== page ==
The Yes campaign encouraged these users to harass Dubal. When she began blocking Lollipop Guild and anti-AB 5 accounts, the official Yes campaign Twitter account, which is run by a consulting firm called Bicker, Castillo & Fairbanks, tweeted, “If you’ve been blocked by Veena Dubal reply with your screenshot below!” The official campaign account then began retweeting screenshots from people who had been blocked by Dubal, encouraging others to engage in behavior that would earn them a similar screenshot as a badge of honor.
The harassment escalated, and Dubal’s home address was posted online. She reported this to the police, who took it seriously enough to patrol her block. When CNET sought to contact the woman who posted Dubal’s address, a freelance translator, they received a response from a nationally recognized lawyer with a long list of high-profile conservative clients — suggesting possible coordination between individuals associated with the Lollipop Guild (many of whom appear to be real people with authentic grievances) and the network of consulting firms hired by the Yes campaign.
If that wasn’t enough, another PR firm working for the Yes campaign called MB Public Affairs filed a public records requests with Dubal’s employer, asking to see “all emails, text messages and other written communications between Dubal and members of 25 different driver groups, labor organizations, nonprofits, unions and consultancies,” CNET reports. After that, a complaint was also filed against Dubal with the California Fair Political Practices Commission, alleging that she was engaged in “lobbying violations.”
The intense and sustained negative attention overwhelmed Dubal and started wearing her down. “I’ve tried to maintain a strong face through all of this, but it has really been traumatizing and difficult,” she told CNET. “Frankly, I didn’t realize until now why this kind of harassment is so common and so effective in silencing people.”
Targeted Harassment as a Service
Dubal isn’t alone. As the Prop 22 fight has heated up, these tactics have been used on other opponents of the ballot measure, including economists who recommend employee reclassification and labor activists who drive for the companies pouring money into the Yes campaign.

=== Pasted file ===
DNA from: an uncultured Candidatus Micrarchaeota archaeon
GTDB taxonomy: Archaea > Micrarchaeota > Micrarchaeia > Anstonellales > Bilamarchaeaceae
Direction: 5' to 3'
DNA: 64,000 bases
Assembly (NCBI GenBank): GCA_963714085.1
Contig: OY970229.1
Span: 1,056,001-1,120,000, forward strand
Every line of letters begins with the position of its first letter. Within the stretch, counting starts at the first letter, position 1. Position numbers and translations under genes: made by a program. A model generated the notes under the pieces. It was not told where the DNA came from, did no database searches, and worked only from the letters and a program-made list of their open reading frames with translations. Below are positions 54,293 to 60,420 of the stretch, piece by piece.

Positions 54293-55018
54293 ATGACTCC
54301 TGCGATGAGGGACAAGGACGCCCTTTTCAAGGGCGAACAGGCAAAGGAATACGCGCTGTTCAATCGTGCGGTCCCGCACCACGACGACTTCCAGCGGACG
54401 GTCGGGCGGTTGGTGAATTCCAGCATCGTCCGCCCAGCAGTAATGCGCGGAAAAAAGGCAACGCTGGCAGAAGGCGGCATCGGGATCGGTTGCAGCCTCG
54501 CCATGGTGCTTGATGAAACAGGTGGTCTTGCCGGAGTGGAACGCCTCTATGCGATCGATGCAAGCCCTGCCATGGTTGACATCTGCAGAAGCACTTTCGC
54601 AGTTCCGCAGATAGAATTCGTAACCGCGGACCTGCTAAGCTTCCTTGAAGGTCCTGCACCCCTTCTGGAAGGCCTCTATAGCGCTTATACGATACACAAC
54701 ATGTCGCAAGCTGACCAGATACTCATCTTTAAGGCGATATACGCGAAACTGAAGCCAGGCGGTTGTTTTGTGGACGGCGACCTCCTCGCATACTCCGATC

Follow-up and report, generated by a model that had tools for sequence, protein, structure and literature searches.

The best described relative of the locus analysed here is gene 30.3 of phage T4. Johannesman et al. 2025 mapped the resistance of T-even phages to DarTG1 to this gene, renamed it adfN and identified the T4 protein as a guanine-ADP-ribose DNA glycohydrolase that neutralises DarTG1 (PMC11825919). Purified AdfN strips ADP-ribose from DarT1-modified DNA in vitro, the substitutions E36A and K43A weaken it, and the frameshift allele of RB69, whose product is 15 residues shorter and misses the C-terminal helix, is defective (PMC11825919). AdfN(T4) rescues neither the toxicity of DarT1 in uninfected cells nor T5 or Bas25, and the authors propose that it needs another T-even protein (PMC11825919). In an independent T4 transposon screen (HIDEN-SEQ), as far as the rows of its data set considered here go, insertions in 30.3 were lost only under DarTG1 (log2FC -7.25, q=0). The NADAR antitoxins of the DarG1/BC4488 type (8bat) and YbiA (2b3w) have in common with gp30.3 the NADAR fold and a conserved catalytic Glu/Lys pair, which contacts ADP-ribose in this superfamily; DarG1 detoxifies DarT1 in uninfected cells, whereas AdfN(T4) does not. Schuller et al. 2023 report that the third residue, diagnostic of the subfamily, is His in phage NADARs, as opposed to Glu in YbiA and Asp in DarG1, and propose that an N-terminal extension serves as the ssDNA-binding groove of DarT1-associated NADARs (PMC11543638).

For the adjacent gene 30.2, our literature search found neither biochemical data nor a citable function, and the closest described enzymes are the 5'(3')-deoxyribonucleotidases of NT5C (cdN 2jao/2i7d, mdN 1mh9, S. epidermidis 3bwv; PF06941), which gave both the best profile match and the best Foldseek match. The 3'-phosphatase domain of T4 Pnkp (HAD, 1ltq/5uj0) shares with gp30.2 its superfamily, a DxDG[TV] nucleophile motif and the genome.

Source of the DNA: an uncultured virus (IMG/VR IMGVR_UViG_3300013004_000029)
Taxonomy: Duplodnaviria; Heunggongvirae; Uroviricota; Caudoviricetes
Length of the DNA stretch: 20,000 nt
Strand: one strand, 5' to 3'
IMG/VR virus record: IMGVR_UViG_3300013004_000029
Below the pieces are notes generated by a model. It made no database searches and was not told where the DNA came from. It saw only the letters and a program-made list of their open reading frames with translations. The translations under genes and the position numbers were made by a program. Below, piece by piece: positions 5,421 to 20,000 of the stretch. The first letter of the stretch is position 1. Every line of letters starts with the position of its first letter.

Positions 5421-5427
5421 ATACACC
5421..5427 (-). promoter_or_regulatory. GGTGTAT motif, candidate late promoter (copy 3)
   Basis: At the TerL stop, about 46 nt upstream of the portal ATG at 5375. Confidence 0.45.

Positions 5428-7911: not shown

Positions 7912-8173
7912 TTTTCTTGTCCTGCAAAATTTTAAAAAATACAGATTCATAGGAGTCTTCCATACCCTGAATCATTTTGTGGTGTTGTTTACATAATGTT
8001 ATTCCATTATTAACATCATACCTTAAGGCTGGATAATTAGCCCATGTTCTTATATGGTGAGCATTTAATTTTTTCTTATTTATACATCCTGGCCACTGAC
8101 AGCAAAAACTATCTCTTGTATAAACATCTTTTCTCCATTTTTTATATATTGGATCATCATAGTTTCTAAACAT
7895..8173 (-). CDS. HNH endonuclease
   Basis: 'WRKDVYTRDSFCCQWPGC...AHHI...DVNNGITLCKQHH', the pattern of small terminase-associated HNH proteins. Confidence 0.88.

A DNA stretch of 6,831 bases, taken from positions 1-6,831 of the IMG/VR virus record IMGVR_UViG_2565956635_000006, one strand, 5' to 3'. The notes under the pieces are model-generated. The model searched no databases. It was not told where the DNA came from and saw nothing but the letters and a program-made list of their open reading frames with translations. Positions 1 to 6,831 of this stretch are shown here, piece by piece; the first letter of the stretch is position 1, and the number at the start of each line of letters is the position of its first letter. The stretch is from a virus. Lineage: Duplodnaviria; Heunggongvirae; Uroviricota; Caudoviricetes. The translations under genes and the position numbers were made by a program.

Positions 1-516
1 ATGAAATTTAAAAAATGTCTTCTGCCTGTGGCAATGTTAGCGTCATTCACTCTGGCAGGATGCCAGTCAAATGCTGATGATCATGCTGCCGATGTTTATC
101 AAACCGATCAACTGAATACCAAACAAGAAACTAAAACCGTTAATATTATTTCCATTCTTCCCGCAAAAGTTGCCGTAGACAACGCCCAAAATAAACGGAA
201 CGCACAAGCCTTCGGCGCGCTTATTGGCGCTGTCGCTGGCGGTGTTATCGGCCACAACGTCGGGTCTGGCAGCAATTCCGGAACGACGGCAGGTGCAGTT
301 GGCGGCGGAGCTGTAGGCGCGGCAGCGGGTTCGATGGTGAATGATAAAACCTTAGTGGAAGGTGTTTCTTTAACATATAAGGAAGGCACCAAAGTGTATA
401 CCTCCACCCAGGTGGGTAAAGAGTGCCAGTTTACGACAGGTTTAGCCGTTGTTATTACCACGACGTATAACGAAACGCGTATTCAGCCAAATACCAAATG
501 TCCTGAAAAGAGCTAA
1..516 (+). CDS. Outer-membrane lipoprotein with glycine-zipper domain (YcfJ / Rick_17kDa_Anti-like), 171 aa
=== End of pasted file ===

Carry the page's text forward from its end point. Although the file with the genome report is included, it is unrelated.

“We’ve seen a lot of disinformation-as-a-service campaigns,” Zarine Kharazian, assistant editor at the Atlantic Council’s Digital Forensic Research Lab, told CNET. “This seems to be targeted harassment as a service, which is an adjacent but distinct phenomenon.”
The purpose of coordinated online intimidation tactics like these is twofold: to turn public opinion against advocates of a particular position through character assassination, and to psychologically torment and exhaust those individuals, making them reluctant to continue advancing their position. It’s a smart play, demonstrating that campaign operatives are watching what works to persuade some people and silence others on social media, and then harnessing and enacting those behaviors toward their own ends.
Campaign consultants have likely been using these kinds of social media mob intimidation tactics for a while. In fact, many people who were active on Twitter during the Democratic presidential primaries suspect this kind of thing was happening under our noses earlier this year. Even so, the fact that these are the tactics being used in a life-and-death campaign bankrolled by some of the most powerful companies in the world is a bad omen, and should serve as a warning.
Given what’s at stake, it’s hardly surprising that Uber, Lyft, DoorDash, and Instacart are pulling out the big guns on this campaign. The fact that this is what the big guns look like in 2020 indicates that there’s more of the same on the horizon. In view of this trend, activists, journalists, and academics need to learn how to distinguish tactics like these from ordinary online controversy — and develop best practices for standing their ground.